“The message is simple: We are back in the game. We are going to offer most competitive value for American consumers,” Marcelo Claure, Sprint’s newly appointed chief executive told Reuters in an interview.
The company will release new plans for individuals later this week.
The announcement marks the first move for the new CEO, who last week said cutting prices would be his top priority.
The move comes after Verizon slashed prices for its unlimited talk and text plan and T-Mobile expanded its family plan to 6 lines and could signal more price cuts ahead for the industry as a whole.
Sprint is going it alone after scuttling a months-long effort to pursue a merger with No. 4 U.S. cellular provider T-Mobile US Inc.
Last year, an aggressive campaign by T-Mobile to address subscriber frustrations and lower prices sparked a domino effect that caused the U.S. top four carriers to restructure pricing plans and cut rates to lure customers in a nearly saturated market.
But analysts worry the industry’s latest discount spree could increase pressure on already tight margins and rattle dividends.
While top carriers and Verizon have largely been able to mitigate the impact of T-Mobile’s discounts on their subscriber base, they would likely have to respond to price cuts at Sprint with steep discounts of their own to keep subscribers from migrating, analysts said.
“We will see a trickle down in pricing concessions across the industry. This is the start of a price war many anticipated would be coming,” said Angelo Zino, analyst at S&P Capital IQ.
New pricing plans that charge customers separately for the cost of their devices have somewhat offset price cuts this year, Zino said, but if the discounts continue, they could pose a long-term threat to the dividends.
Community Health Systems Inc., one of the largest U.S. hospital groups, is reporting that it was the victim of a cyber attack from China, resulting in the theft of Social Security numbers and other personal data belonging to 4.5 million patients.
Security experts said the hacking group, known as “APT 18,” may have links to the Chinese government.
“APT 18″ typically targets companies in the aerospace and defense, construction andengineering, technology, financial services and healthcare industry, said Charles Carmakal, managing director with FireEye Inc’s Mandiant forensics unit, which led the investigation of the attack on Community Health in April and June.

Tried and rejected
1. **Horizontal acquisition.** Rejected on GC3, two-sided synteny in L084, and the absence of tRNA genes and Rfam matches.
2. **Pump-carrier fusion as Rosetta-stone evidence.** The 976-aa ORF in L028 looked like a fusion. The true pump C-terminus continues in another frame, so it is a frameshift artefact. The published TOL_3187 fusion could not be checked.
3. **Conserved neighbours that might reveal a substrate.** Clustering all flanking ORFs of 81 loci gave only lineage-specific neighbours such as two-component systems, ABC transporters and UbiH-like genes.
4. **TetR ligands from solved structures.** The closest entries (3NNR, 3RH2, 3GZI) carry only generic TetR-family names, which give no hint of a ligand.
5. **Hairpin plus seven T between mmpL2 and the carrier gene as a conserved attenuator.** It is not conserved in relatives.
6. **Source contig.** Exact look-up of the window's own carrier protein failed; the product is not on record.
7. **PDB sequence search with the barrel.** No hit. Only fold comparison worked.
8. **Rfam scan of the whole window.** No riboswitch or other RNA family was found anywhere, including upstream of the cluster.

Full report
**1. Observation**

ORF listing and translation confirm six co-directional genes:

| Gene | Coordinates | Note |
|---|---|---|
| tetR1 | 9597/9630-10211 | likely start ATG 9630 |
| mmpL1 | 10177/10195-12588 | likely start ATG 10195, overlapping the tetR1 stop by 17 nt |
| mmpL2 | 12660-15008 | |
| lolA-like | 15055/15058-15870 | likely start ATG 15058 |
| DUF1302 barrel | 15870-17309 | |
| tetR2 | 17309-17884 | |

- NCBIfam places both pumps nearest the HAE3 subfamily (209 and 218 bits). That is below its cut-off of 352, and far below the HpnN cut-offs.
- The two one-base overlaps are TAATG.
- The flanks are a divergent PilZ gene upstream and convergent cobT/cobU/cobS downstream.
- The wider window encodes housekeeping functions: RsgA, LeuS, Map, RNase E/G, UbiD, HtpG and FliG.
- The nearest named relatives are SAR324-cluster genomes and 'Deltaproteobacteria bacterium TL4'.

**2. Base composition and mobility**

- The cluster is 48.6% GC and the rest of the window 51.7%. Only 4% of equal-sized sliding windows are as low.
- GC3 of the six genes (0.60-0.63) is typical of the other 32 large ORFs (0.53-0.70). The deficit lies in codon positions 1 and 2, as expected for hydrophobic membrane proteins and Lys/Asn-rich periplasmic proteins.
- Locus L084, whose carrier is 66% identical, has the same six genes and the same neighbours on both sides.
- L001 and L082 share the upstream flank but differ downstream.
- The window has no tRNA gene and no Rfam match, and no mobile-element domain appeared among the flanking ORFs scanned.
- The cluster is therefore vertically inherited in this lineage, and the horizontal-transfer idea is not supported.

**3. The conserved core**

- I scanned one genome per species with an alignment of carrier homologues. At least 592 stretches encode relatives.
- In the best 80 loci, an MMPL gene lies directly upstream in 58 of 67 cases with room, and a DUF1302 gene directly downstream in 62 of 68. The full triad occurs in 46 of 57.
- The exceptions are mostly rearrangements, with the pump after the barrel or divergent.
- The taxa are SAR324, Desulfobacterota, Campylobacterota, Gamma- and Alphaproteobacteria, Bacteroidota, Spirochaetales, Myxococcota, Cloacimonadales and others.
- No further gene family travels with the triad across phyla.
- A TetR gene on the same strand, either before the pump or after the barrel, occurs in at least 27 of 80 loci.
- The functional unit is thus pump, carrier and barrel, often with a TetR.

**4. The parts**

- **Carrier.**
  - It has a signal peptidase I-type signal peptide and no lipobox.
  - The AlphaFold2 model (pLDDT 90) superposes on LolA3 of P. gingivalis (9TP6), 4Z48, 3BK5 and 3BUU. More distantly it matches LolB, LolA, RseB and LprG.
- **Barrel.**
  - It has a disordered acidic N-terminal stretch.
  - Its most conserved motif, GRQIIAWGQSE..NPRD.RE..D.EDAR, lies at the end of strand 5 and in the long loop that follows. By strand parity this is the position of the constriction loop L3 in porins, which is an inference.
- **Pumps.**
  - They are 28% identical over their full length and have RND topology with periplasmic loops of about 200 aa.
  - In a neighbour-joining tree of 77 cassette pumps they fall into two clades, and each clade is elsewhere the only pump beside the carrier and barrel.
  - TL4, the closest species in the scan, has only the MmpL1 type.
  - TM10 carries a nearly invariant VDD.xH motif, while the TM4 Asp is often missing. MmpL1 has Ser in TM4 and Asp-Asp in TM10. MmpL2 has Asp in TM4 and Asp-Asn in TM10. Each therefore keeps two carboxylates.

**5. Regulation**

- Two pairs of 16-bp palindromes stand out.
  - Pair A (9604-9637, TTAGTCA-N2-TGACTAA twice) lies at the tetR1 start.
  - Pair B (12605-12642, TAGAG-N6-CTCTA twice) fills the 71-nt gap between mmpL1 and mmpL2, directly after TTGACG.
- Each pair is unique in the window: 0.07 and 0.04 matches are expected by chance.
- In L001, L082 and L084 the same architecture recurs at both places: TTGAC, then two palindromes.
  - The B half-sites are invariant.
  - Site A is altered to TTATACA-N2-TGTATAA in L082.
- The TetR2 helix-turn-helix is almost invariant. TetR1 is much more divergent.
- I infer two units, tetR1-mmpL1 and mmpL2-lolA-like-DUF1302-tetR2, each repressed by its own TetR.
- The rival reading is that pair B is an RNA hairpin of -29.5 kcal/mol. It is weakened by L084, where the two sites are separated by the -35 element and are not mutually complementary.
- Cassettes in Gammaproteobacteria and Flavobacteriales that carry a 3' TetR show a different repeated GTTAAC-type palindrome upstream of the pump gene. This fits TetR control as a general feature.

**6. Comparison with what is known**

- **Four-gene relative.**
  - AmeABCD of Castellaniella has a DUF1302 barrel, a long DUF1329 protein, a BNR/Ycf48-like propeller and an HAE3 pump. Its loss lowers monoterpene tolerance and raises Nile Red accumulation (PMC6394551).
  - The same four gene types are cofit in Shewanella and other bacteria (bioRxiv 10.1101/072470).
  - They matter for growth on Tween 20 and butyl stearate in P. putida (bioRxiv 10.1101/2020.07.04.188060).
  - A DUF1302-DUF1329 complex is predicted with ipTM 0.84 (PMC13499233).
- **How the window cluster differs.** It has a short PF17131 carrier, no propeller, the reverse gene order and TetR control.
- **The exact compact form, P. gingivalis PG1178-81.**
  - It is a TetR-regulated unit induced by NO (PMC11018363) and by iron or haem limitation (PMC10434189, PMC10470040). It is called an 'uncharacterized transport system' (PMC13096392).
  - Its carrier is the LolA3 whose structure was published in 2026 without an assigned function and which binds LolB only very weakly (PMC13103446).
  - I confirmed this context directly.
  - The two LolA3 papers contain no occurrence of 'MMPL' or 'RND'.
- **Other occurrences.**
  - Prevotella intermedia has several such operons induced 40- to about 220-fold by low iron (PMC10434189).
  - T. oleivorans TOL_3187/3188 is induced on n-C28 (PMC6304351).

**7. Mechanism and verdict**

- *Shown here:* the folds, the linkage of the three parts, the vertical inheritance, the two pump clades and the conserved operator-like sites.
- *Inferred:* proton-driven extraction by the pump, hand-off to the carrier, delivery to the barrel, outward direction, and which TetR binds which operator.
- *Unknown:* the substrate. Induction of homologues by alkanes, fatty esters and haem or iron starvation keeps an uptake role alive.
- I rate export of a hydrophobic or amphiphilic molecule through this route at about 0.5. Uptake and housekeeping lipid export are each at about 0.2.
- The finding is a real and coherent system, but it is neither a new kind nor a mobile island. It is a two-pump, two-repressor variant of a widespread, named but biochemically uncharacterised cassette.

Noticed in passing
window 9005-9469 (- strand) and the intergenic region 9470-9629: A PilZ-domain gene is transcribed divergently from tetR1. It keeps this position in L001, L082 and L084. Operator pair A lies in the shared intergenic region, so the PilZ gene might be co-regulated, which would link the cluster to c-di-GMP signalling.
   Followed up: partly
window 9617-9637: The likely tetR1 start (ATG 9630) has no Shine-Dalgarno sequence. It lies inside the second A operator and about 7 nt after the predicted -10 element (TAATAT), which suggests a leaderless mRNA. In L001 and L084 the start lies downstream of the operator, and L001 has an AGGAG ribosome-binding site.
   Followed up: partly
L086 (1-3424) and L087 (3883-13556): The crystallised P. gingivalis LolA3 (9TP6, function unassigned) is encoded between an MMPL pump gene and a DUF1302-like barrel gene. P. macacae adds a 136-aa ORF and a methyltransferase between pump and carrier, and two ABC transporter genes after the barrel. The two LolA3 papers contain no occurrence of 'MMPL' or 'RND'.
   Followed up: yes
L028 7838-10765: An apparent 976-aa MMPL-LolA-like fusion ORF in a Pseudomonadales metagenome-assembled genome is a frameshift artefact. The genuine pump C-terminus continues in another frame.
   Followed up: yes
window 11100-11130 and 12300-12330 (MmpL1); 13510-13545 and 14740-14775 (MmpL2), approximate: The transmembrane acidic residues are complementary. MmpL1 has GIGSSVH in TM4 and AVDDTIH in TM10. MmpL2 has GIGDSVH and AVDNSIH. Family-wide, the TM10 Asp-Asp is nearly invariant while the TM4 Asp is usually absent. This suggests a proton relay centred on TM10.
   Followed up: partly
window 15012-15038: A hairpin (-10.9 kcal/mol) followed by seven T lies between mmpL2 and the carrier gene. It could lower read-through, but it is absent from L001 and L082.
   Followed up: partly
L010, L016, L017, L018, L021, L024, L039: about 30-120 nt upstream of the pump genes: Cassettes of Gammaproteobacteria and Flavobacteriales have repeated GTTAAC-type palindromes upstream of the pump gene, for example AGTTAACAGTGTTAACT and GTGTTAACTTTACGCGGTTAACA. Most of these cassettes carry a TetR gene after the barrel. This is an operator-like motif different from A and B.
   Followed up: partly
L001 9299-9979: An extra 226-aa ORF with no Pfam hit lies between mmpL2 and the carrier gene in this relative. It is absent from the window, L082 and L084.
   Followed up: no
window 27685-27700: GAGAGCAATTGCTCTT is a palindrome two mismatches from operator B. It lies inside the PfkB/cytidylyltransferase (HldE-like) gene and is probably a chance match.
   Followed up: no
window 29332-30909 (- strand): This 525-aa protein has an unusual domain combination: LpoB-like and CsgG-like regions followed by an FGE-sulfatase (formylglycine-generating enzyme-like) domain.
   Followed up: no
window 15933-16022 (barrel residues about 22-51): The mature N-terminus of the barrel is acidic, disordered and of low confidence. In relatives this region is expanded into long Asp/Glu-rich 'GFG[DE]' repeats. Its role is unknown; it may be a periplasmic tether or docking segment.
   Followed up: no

“They have fairly advanced techniques for breaking into organizations as well as maintaining access for fairly long periods of times without getting detected,” he said.
The information stolen from Community Health included patient names, addresses, birth dates, telephone numbers and Social Security numbers of people who were referred or received services from doctors affiliated with the hospital group in the last five years, the company said in a regulatory filing.
The stolen data did not include medical or clinical information, credit card numbers, or any intellectual property such as data on medical device development, said Community Health, which has 206 hospitals in 29 states.
The attack is the largest of its type involving patient information since a U.S. Department of Health and Human Services website started tracking such breaches in 2009. The previous record, an attack on a Montana Department of Public Health server, was disclosed in June and affected about 1 million people.
Chinese hacking groups are known for seeking intellectual property, such as product design, or information that might be of use in business or political negotiations.
Social Security numbers and other personal data are typically stolen by cybercriminals to sell on underground exchanges for use by others in identity theft.
Over the past six months Mandiant has seen a spike in cyber attacks on healthcare providers, although this was the first case it had seen in which a sophisticated Chinese group has stolen personal data, according to Carmakal. Mandiant monitors about 20 hacking groups in China.
Security software expert and on-the-run murder suspect, John McAfee has taken time from his busy schedule to warn the world about the perils of Googling.
McAfee has called upon people to resist Google to protect their privacy saying that the search engine appears to believe that if people have nothing to hide they have nothing to fear.
“If everybody knew everything about everybody else, what would human behaviour become? You need to think this through,” he said.
He said that people could not have intrusions into our lives and still have freedom. McAfee added that Freedom was all he had.
“And it’s all you have, if you think about it.”